• Things turn sour between Fletcher and Peggy, since Fletcher can't understand Peggy's concerns that Fleece is (surprise!) exploiting religion for profit. When Fleece privately sees Peggy and tries to slip her a few bucks, she rips the money up. Fleece can't understand it - he tells her she could have had her own little diesel Volkswagen.

After reading all the above examples of stuff that happens in the main plot of Pray TV, you might be wondering if there is anything remotely funny to be found in the movie. Well, there was one - just one - moment in the movie that I found to be (sort of) amusing. It was a commercial for a frozen dinner line with Jesus Christ and his mother Mary hawking the product. Actually, the bulk of the commercial was a comic dud, but it ended with a one-liner that I must admit made me smirk slightly. But as I indicated, it was just one brief moment in a sea of desperate unfunniness. So when it comes to delivering comedy, Pray TV is pretty much a complete failure. But does the movie have any other features possibly having interest to viewers? Well, fans of musician Dr. John or the rock group Devo may be interested in seeing their appearances in the movie. Though fans more likely than not they'll be disappointed that their appearances are not only brief, the movie keeps cutting away to other people as they perform their songs. As for the other participants in the movie, some viewers might be interested in seeing some pre-fame talent. Among the cast are Paul Reubens (a.k.a. Pee Wee Herman), Marcia Wallace (The Simpsons), and Roger E. Mosley (Magnum P.I.). Although the material they perform is painfully unfunny, they and the remainder of the cast manage to make their characters come across as a unexpectedly likable bunch of individuals. Even Dabney Coleman, despite playing a guy whose only god is the almighty dollar, makes his character surprisingly palatable. It's not enough to save the movie, however; the relentlessly unfunny screenplay makes the viewing experience all the same a painful one. Still, while I am definitely not saying, "Praise God!" for having discovered this sketch comedy movie, I will give Pray TV the following praise: It's better than the sketch comedy movies Cracking Up and Outtakes. Slightly.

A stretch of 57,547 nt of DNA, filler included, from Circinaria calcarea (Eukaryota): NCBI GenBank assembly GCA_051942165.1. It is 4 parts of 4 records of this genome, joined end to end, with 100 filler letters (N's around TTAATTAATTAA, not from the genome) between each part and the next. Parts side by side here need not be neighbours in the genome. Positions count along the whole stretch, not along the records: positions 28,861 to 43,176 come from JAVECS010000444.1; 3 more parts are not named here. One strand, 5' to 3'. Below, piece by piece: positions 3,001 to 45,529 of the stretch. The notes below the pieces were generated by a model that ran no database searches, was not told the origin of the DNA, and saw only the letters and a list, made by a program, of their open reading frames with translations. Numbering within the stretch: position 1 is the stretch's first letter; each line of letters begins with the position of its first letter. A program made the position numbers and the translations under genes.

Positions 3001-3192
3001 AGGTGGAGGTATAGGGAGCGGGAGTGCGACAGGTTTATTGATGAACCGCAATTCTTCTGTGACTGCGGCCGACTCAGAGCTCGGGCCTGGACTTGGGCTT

(Posted May 25, 2018)

Check for availability on Amazon (VHS)
Check for availability on Amazon (DVD)

See also: Outtakes, Prime Time, Viewer Discretion Advised

homeindexgenree-mail